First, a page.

- Primary Source material. Possible linkages with SAMP? Government materials? Associations?
CONSALD and JSTOR agreed to more regular communication on titles, selection progress, and linkages to other disciplines. Simon emphasized the need to have two-way communication, so that we know the work on recommendations from us and our faculty are being acknowledged.
Treasury Report (Simon)
CONSALD’s treasure stands at $342, thanks to the contribution of CONSALD members following the October meeting. Members were reminded of the call for voluntary contributions (AAS does not permit “membership fees” per se, though groups could implement “subscriptions” to a journal).
James thanked the nominating committee (Bledsoe, Mitchell). Nominees: Laura Ring
Laura was elected unanimously. James thanked Jeff Martin for his work on the committee.
CONSALD Web site update (Simon)
Simon reviewed progress to date and applauded the volunteers that came forward to assist in the Web transition:
Technical Team (finalizing site design, user interface, permissions)
- Tim Bryson
- Gary Hausman
- Mara Thacker
Content Transition Team (ensuring old content from CONSALD’s site is migrated)
- Philip McEldowney
- James Simon
Content Development Team (adding to new content areas, soliciting assistance from members)
- Sarah Calhoun
- Uma Sharma
- Pushkar Sohoni
DSAL/DDSA/SAUC update (Nye)
As Jim Nye was absent, this discussion was tabled. Monica Ghosh remarked that Hawaii added records for all DSAL’s resources to their catalog (and OCLC).
SACAP Cooperative Collection Development Workshop update (Bledsoe/Rader/Simon)
Mary Rader reviewed the rationale and progress of the two successive workshops conducted in conjunction with the fall meetings. For the monograph workshop, Mary calculated that there was $20,000 more spending for vernacular monographs in 2012 than in 2011. This reflects largely a re-allocation of resources, rather than an infusion of new funds.
This year’s workshop focused on commonly collected serials, with a target of reducing the number of highly-subscribed content in favor of lesser-represented content. Participants are slowly reporting progress, and Mary encouraged them to make their selections in advance of the next SACAP bill, while acknowledging that these deliberations are difficult.
Some participants asked for guidance in coordinating new acquisitions – concerned that many institutions are selecting or de-selecting same material. Mary suggested that Neha Mohan can compile results, and we can review to ensure there are no over-corrections. Canadian members of CONSALD asked how they can collaborate in the process, as they are subscribing not through LC, but the Shastri Indo-Canadian Institute. Mary commented that while we started with SACAP profiles, there are other ways to collaborate. This coming year may be a good opportunity (see below).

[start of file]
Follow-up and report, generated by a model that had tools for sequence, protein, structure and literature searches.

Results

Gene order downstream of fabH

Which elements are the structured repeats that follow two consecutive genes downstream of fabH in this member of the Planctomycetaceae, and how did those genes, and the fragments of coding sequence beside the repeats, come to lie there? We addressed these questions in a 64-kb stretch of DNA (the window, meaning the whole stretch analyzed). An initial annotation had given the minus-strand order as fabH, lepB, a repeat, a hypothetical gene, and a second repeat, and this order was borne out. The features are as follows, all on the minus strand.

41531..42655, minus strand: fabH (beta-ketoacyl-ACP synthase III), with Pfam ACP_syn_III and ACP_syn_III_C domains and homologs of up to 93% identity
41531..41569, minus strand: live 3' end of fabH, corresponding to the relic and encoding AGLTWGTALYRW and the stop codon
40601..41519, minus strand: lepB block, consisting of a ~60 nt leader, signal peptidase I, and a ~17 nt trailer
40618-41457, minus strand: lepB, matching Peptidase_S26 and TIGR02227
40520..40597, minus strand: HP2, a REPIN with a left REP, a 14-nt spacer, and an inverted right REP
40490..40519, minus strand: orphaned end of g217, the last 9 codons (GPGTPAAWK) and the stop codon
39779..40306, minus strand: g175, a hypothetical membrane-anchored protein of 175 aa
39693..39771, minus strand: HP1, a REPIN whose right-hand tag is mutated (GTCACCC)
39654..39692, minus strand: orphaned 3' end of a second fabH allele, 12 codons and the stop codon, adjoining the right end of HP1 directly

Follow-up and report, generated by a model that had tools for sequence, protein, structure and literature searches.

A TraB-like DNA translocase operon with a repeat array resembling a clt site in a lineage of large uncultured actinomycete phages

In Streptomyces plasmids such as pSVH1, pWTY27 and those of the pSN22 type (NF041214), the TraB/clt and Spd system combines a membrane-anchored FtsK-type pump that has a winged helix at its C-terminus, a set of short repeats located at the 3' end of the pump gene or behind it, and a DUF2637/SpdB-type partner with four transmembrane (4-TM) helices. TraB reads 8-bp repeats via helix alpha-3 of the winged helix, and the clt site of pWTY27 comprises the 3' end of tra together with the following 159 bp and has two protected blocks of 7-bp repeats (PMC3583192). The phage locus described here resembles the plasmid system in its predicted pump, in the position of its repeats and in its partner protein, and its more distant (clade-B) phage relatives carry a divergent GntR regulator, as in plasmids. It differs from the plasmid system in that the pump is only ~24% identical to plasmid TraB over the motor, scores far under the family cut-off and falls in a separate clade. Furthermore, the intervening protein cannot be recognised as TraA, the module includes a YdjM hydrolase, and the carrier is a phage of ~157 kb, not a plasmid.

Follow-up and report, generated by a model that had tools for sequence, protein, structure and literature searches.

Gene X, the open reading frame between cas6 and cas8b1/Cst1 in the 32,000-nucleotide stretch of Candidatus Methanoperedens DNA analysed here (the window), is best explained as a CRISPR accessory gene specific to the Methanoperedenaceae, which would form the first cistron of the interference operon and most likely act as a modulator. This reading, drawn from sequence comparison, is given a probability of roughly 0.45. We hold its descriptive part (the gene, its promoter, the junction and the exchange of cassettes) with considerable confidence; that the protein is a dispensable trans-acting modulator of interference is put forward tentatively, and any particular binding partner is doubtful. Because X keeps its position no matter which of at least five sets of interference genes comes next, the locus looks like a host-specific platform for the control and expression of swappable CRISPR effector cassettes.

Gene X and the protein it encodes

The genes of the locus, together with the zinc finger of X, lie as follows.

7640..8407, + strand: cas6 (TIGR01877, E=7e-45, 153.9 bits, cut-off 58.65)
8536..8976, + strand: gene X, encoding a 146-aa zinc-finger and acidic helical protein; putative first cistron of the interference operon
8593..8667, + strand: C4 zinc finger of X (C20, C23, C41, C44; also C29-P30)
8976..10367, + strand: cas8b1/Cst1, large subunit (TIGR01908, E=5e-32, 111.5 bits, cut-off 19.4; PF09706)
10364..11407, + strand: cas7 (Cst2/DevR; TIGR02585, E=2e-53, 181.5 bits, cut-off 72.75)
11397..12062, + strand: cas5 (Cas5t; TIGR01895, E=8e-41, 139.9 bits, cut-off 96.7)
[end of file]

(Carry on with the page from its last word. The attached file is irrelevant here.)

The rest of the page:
James reported on the workshops’ indexing discussions. As reduction of important content requires new approaches, the workshop participants recommended pursuing an indexing effort with the following characteristics:
- Vernacular indexing (under-represented or absent from major indexes).
- Text searchability, subject headings highly desired; abstracts/keywords?
- Distributed responsibility (may be challenging)
James proposed the following next steps:
- CONSALD participants develop a prioritized list of five journals in each of the four principal languages (Hindi, Bengali, Tamil, Urdu) to use as a pilot to test the process and costs of journal indexing.
- Seek limited funding to cover indexing pilot, through outsourcing/overseas partners
- Conduct discussion with existing platforms (Wisconsin/DSAL) to determine specifications and requirements for hosting content
- Explore international partnerships to contribute funding/in-kind work towards goal
Bronwen invited participants’ feedback on the next workshop topic. She proposed that the group return to a “declaration” model, in which participants bring to the table areas of self-selected interest to collect more in depth. Though specific targets are yet to be determined, they may include one or many of the types of selection below:
- Specialty collections: Participants declare areas of interest such as that enacted by Wisconsin, Cornell, and Columbia a few years back. Target areas could be on a subject, language, or format.
- Publisher-centered: participants can declare that they will collect more intensively (all relevant subjects) from a particular publisher/institution. This would bypass a subject-limited profile selection. Examples of publishers might include: Aditya Prakasana, Vani Prakasana, the Sahitya Akademi, the National Book Trust.
- Place of publication: Institutions may declare a focus on collecting from a particular region, such as from Southeast Asia, Eastern Europe, Australia, Canada, Scandinavia. This might take shape as a language focus (Russian, Spanish). This may require collaboration with other selectors within the participating institutions, broadening our model of collaboration to other departments.